Dr Binod C Agrawal is Vice Chancellor, Himgiri Nabh Vishwavidyalaya, Dehradun, and Director, TALEEM Research Foundation, Ahmedabad. He has been deeply involved in communication research. Earlier he was Advisor (Social Applications) in satellite communications at Space Applications Centre, ISRO, and has worked over two decades in ISRO. He pioneered use of qualitative methods for communications research during the world famous Satellite Instructional Television Experiment (SITE) while leading SITE social research and evaluation team of over hundred inter-disciplinary team of social scientists. The research findings and experiences are documented in the book SITE Social Evaluation. Dr Agrawal is the Founder Director of Mudra Institute of Communications, Ahmedabad (MICA) where India’s first professional teaching programme in business communication and advertising was started in 1994. He has also represented India in several international communication research fora and has over a dozen publications on television, computer technology, and anthropological studies. Digital Learning has Dr Agrawal talking about his current and past engagements and his experiences in the use of multimedia in education.
Please tell us about the vision and mission of TALEEM Foundation.
Registered in 1996, TALEEM, meaning education and training, is an acronym for Transnational Alternate Learning for Emancipation and Empowerment through Multimedia. It is an initiative from the Essel Group of Industries to channelise part of its resources to address issues of national concern like over-population, environment preservation and equitable distribution of resources such as education, health services and income generating skills.
The organisation aims to provide access and opportunities for quality education through distance and open learning, which will lead to employability and income generation; promote quality social science and communication research; and also utilise information technology for the development of the less privileged.
What are its ongoing initiatives and focus area in education?
One of the major endeavours of the Foundation was setting up of Himgiri Nabh Vishwavidyalaya (University in the Sky) for the vocationalisation of education. Set up in 2005, the University provides regular professional courses and distance learning via satellite television and information technology.
Another initiative is the Basic Education Support Television (BEST) Project, now operational . The primary aim of the project was to impart basic education at primary school level through television. The project is syllabus based and intended as class room viewing for primary school children of classes 1-5. BEST was targeted at children in rural and semi-rural areas covering around 10,000 primary schools in nine Hindi speaking states in a phased manner over five years. Initially the project could not succeed due to lack of cooperation from various state governments and support from the industrial houses across the country.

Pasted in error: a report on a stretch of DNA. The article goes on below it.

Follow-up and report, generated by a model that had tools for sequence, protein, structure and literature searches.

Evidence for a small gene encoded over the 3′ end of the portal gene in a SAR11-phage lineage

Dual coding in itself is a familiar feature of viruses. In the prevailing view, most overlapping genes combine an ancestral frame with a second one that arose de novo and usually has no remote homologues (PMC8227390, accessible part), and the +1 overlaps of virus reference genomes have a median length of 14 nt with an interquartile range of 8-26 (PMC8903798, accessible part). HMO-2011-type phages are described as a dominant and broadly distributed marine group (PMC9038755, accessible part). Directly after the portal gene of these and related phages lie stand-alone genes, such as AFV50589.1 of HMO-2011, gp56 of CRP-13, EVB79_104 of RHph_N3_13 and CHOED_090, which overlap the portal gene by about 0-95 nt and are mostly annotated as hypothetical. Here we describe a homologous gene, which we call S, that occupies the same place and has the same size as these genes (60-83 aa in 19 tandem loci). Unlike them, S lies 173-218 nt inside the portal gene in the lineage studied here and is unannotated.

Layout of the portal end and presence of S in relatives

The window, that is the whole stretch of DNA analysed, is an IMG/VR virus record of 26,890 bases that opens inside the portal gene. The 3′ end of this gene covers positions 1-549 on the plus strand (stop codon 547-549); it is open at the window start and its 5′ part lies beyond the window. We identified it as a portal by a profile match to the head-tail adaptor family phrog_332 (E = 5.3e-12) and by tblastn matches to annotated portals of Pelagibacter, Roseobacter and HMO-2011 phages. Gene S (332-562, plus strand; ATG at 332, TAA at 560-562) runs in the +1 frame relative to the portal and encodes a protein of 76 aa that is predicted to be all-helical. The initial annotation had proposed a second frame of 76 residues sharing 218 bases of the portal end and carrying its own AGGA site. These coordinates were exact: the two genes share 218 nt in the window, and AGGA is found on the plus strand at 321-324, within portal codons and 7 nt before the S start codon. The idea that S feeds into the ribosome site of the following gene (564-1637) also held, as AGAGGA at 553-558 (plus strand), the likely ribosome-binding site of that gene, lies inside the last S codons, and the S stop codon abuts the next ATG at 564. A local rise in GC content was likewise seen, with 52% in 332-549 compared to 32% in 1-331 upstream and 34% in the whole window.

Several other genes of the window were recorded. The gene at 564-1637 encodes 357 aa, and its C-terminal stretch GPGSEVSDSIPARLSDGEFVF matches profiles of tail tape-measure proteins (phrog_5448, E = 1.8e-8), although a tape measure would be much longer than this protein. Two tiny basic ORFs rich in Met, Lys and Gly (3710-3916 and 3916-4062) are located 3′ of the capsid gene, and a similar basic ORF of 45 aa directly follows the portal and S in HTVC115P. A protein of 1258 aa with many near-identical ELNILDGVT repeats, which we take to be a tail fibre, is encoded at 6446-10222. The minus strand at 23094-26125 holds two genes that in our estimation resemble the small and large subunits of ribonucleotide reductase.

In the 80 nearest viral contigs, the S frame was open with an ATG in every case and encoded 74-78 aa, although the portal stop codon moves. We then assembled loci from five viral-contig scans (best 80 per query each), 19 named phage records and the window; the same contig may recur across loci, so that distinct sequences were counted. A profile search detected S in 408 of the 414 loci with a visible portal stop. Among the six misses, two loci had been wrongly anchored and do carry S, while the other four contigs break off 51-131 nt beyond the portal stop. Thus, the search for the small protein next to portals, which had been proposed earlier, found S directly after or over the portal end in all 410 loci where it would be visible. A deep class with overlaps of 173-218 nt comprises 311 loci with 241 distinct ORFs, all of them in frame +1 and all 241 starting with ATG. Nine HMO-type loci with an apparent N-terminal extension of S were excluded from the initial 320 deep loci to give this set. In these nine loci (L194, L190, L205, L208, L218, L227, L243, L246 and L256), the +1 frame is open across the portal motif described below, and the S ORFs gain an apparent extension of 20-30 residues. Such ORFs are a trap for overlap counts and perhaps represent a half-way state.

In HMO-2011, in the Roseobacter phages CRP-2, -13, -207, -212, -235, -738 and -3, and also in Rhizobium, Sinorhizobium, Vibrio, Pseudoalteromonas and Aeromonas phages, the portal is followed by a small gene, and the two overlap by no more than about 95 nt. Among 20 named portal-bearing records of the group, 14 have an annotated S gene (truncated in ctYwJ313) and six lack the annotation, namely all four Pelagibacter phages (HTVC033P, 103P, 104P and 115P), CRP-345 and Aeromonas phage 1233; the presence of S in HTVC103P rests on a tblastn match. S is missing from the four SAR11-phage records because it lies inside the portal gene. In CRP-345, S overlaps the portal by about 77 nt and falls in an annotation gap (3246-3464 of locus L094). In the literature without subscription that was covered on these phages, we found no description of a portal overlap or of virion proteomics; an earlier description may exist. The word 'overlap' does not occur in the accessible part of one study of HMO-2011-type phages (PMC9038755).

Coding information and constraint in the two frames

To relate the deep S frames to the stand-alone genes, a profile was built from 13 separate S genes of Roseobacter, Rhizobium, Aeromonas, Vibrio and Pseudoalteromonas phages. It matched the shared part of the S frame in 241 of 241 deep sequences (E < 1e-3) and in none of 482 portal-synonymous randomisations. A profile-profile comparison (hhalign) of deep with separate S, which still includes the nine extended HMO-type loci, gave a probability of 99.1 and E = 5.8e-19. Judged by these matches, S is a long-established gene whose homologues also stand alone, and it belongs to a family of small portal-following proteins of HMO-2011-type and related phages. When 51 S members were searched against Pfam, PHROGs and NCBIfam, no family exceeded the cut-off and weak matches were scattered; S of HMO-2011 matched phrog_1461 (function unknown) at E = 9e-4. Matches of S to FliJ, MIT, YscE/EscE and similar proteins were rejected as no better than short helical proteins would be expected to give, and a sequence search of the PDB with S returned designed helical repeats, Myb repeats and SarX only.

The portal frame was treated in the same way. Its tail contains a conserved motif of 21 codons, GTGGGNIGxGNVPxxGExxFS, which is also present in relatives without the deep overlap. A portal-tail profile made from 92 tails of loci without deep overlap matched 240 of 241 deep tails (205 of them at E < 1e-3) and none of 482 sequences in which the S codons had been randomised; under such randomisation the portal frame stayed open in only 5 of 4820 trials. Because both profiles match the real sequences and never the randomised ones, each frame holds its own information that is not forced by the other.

How has been your experience with the use of multimedia in the field of education, since your parent organisation is synonymous with cable TV revolution in India.
Since 1973, I have been involved in the use of satellite and information technology for boosting education and development. Efforts were made in the understanding and experimenting with means and methods of using technology to improve the quality of life and education. In 1975-76 we worked on the Satellite Instructional Television Experiment, popularly known as SITE. SITE was considered a unique experiment in the use of satellite television direct broadcasting in rural India to improve agriculture, primary education and rural health. SITE proved beyond doubt that gap between urban and rural India can be neutralised through satellite television. The social evaluation of SITE was carried out in 2400 villages by my team to understand the effects of world’s largest techno-social experiment. The SITE opened up the path for satellite broadcast in India.
My next encounter with digital technology started in 1984 when I was evaluating Computer Literacy And School Studies (CLASS) project in 250 higher secondary schools spread across the country. CLASS evaluation indicated that school children regardless of their socio-economic background were keen to learn computer. The major finding was that the school children had great deal of determination and initiative to use the computer very intelligently whereas the teachers were not ready to accept the computer beyond school hours.
Another involvement was related to major Indo-Canadian reaserach project entitled ‘Application and Social Impact of Computer Technology in Higher Education’. The study was carried out both in India and Canada which provided a model for computerising Universities. The results of the study were published in three volume books (1993). Even today no such comprehensive comparative study has been carried out.
CLASS evaluation indicated that school children regardless of their socio-economic background were keen to learn computer
Please tell us about the ‘Bridging the Digital Divide’ project.
At the turn of the century, on the request of America India Foundation Bangalore, I studied ‘Spanning the Digital Divide